[LILONGWE] A new African network is aiming to increase the number of aquaculture and fisheries scientists on the continent and boost its dwindling fish stocks.
The Fisheries University Network (FishNet), led by the New Partnership for African Development (NEPAD), was launched at the Bunda College of Agriculture in Malawi this month (15 February).
It will recruit and train scientists on fisheries at member universities, in line with both national and pan-African development agendas.
"It is widely [known] that Africa lacks critical mass of fisheries scientists to adequately undertake various important functions along the value chain of fisheries and aquaculture from production to marketing and trade," Emmanuel Kaunda, regional technical coordinator for fisheries in the Aquaculture Department at the University of Malawi, told SciDev.Net.
Kaunda quoted Food and Agriculture Organization figures that fish supplies have dropped from about 17 kilograms per capita in the 1970s to less than seven kilograms per capita in 2006 for most African countries.
FishNet will facilitate information and resource sharing; policy dialogue; networking with strategic partners and mobilisation of resources, to address challenges holding back aquaculture and fisheries research in Africa.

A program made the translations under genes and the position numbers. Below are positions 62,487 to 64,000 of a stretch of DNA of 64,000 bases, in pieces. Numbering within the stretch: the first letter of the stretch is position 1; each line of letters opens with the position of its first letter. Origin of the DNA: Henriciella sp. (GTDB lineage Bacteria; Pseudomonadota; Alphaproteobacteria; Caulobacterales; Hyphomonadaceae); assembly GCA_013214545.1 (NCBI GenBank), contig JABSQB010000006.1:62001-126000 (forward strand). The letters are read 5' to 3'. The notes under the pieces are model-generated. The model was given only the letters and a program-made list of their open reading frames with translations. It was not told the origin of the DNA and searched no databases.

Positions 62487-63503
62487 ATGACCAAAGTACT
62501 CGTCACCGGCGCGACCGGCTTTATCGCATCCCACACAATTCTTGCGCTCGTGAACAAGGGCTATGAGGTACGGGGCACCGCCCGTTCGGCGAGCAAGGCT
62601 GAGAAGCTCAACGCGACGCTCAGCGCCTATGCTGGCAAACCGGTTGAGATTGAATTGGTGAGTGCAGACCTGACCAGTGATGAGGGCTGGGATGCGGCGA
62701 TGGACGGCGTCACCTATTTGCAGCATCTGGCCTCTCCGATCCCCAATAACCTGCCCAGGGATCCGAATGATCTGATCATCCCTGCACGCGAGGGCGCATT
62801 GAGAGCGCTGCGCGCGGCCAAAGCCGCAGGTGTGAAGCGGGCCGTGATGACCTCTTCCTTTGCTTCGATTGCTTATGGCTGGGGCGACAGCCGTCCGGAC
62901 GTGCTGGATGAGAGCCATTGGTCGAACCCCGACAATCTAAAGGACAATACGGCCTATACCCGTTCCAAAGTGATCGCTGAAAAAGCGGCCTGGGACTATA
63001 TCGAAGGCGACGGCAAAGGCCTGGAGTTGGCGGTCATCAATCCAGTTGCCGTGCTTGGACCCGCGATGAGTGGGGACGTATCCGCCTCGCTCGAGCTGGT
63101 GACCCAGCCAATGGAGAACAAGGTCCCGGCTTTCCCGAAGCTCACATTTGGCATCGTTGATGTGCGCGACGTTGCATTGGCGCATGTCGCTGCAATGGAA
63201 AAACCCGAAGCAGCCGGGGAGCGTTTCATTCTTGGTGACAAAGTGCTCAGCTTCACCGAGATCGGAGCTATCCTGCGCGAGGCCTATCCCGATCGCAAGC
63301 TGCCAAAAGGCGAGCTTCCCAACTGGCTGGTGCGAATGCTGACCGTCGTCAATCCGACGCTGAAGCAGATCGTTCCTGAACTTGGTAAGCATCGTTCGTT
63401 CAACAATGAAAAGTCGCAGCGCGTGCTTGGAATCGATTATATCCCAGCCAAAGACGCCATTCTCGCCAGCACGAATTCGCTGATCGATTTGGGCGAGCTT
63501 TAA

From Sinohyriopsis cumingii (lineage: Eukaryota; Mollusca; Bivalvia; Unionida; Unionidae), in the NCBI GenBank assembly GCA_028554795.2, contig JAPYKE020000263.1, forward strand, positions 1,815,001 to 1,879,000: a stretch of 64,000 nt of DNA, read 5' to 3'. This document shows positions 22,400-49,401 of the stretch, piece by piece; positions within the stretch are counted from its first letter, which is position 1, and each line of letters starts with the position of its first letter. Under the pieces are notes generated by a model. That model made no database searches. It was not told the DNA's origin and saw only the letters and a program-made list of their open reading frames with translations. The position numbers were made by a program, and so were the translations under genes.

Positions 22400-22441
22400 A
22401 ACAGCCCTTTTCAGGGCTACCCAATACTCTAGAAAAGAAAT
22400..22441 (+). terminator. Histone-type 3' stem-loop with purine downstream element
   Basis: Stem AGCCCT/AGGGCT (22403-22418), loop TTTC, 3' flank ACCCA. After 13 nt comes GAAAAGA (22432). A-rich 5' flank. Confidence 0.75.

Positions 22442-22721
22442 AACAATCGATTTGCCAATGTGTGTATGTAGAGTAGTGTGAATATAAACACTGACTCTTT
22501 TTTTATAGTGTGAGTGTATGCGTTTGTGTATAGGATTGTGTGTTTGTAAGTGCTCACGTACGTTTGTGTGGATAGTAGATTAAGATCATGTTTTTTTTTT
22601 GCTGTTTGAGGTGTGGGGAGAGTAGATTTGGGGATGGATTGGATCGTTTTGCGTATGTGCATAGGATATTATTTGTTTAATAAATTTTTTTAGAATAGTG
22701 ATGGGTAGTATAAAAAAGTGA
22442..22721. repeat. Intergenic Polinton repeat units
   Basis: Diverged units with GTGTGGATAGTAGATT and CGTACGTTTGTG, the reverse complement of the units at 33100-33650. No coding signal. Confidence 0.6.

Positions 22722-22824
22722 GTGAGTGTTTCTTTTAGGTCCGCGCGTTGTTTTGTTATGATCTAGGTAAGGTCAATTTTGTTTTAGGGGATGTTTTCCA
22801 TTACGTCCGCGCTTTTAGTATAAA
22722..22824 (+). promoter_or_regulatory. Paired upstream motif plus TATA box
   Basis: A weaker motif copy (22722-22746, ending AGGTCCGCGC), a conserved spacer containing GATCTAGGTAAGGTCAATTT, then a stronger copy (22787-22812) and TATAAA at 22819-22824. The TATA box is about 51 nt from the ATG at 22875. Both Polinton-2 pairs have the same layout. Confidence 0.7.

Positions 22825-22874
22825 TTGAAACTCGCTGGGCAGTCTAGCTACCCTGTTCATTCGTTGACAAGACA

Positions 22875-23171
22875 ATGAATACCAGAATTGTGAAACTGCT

As well as conducting research into inland fisheries and aquaculture development, FishNet will ensure that research findings find their way to fish farmers and fishermen on the continent.
The network is expected to work with the Partnership for African Fisheries (PAF), a programme for developing fisheries reforms in Africa. It will also receive around US$10.7 million from the UK Department for International Development (DFID), said Tim Bostock, a senior fisheries advisor at DFID.
The Malawi meeting also saw the launch of postgraduate degree programmes in aquaculture and fisheries by the Regional Universities Forum for Capacity Building in Agriculture, a consortium of 25 universities in Eastern and Southern Africa established in 2004 and hosted by the University of Malawi.
Kaunda said this was a major step in training African scientists and practitioners to respond to Africa's needs in fisheries and aquaculture production.
Sloans Chimatiro, senior fisheries adviser to NEPAD, said that fisheries research conducted by academics and students must include studies of farms and fishing communities to ensure that the research meets people's needs.
The initiatives follow NEPAD's action plan for fisheries and aquaculture development endorsed by African heads of state at the Fish for All Summit in 2005 in Abuja, Nigeria.